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Health law gains acceptance in Arkansas 

There's lot to like, including cash infusion for state.

Maybe only because it has been six months since the last TV commercials and newspaper ads brandished Frank Luntz's poll-tested slogan "government takeover of health care" national health insurance is enjoying a modest rebound.

Even in Arkansas, where a massive ad blitz to influence Arkansas's pivotal congressional delegation turned the popular idea of universal health insurance into an abomination, the Patient Protection and Affordable Care Act of 2010 is gaining acceptance, sometimes verging on enthusiasm. Arkansas hospitals look forward to its full implementation in four years, when much of their charitable write-offs and cost shifting will end. The medical profession, which once viewed any move toward expanded coverage as socialism and a loss of control over medical decisions, largely favors the new law.

The state government, which must administer big parts of the law, has plunged into the details since its enactment in March and found much that it welcomes, including a huge infusion of cash into the Arkansas economy and even some relief for the severely stressed state budget.

Far from bankrupting the state when Medicaid is expanded to cover poor adults in 2014, as some state officials worried during the furious final deliberations over the bill in the late winter, the law should ease state budget problems until late in the decade, when the state will begin to kick in a small match for billions of dollars in federal assistance for medical treatment and hospital care for low-income adults. Meantime, under an unpublicized provision of the new law, the federal government will pick up nearly the full cost of the original ARKids First, the expanded government-insurance program for children that Gov. Mike Huckabee always proclaimed to be his proudest achievement. Mike Beebe, a state senator in 1997, sponsored the bill that expanded government coverage for children of low-income families.

Governor Beebe said immediately after the Affordable Care Act's passage that he probably would have voted against it had he been in Congress because he feared that it could increase demands on a state budget that was already stressed. He wouldn't say the other day whether he has changed his mind — "water under the bridge," he said — but he acknowledged that the law could produce some dividends for the state government as well as the public. He still is concerned that a sharply expanded Medicaid program will put a significant burden on the state, even if it is eight or nine years away.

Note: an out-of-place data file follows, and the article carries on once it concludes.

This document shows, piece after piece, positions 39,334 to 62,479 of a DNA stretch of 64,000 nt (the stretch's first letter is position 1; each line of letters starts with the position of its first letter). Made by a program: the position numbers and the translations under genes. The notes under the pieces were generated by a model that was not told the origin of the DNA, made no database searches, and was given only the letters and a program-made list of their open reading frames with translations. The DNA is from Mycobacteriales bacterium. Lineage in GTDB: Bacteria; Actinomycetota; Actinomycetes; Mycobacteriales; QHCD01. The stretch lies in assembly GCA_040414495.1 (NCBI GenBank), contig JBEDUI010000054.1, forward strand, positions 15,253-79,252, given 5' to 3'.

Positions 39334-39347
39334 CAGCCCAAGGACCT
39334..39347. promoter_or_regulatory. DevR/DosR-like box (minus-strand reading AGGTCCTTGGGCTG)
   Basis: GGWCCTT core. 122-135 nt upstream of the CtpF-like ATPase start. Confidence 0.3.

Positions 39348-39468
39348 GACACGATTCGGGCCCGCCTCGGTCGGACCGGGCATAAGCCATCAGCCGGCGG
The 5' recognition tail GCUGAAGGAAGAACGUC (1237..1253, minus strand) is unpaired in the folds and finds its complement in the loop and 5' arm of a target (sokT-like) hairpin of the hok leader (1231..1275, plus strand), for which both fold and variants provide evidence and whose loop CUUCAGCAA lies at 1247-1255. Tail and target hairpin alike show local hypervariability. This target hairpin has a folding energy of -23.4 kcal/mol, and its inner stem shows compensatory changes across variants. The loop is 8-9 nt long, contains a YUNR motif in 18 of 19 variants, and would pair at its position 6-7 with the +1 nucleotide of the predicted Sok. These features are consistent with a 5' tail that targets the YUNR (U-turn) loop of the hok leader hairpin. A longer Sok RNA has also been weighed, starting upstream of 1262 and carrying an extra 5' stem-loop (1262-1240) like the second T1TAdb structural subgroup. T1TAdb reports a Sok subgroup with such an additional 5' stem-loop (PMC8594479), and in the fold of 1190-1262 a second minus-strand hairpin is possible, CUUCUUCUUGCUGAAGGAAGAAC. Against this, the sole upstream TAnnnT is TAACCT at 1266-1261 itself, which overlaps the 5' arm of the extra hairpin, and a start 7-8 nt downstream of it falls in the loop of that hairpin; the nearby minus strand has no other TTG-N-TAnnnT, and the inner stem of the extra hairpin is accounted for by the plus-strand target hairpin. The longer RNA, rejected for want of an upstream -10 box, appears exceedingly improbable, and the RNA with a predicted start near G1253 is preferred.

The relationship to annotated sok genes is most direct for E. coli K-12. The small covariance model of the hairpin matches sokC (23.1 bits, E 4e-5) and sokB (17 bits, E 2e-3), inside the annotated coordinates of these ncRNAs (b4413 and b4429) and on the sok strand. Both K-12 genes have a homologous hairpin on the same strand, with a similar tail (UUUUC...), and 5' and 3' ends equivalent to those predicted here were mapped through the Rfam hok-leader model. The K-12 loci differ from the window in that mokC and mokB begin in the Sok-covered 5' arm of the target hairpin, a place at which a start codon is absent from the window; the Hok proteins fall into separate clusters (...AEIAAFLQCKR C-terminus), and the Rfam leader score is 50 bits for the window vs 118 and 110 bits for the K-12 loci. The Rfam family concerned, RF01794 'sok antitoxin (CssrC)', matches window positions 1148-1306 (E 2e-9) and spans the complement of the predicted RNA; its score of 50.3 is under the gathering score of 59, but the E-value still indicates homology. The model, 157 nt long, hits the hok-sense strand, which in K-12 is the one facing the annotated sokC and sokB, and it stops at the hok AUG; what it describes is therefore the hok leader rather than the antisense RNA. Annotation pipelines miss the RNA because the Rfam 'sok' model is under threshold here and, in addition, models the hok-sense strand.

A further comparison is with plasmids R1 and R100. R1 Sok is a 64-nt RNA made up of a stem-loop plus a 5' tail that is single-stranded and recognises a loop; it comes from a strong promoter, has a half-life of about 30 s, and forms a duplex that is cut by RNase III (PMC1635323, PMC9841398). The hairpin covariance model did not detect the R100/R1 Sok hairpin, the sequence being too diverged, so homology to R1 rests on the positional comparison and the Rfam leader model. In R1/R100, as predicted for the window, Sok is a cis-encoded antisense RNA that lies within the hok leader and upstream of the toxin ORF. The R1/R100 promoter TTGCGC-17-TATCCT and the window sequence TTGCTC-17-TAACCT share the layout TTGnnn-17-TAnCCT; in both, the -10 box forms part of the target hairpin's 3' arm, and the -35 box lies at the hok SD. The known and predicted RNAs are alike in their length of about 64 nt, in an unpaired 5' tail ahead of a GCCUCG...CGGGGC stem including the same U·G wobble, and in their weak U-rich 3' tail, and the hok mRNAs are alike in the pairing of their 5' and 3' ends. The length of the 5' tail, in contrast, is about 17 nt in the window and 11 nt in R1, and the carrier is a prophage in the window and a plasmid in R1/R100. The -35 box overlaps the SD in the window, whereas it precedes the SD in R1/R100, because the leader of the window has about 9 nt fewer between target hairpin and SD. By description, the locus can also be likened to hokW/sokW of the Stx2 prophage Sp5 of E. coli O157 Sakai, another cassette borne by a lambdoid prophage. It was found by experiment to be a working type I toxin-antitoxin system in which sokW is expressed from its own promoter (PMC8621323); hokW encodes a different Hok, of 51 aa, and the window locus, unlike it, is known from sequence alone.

"It would be easy for me to say that it will be fine until 2017 or later since I won't be here," Beebe said. "I may not be here next January and for sure I won't be here in 2017. But I have a responsibility to look at the impact things will have long after I leave."

"To be fair," he continued, "the counter argument is that all that federal assistance for health services will produce additional tax revenues because of the increased income for providers." A study of the Medicaid provisions last month concluded that more than $12 billion could be pumped into Arkansas's health-care system in the six years after the law's major provisions are implemented.

If the Affordable Care Act succeeds in insuring nearly everyone — Arkansas is going to administer it better than Washington or anyone else in the country, Beebe promised — then it should reduce uncompensated care and the shifting of costs for indigent care to insured and paying customers and the taxpayers.

When nearly everyone is insured, through Medicaid, one of the other government insurance programs or private insurance, unreimbursed care at hospitals and other providers should be curtailed and that will benefit both state government and people who are currently insured because those costs will not be passed along to them.

"I chaired a hospital board for 10 years," Beebe said. "I know what uncompensated care does. I know they say they don't shift costs, but they do. If you don't cost shift, you're going to be out of business."

Seniors, who according to polls turned heavily against health reform last year owing to reports that they would lose Medicare coverage or see higher co-pays, have been discovering that it wasn't true. The law expands rather than shrinks Medicare benefits. For instance, starting the first of the year Medicare will waive the deductible and co-insurance charges for screenings and other preventive benefits and all 506,000 Arkansas enrollees will be able to get a free annual wellness visit.

The American Association of Retired Persons (AARP), Families USA, a national nonprofit organization that promotes good, affordable health care for everyone, and ministerial groups in many communities have worked to educate people on what the law does and does not do.

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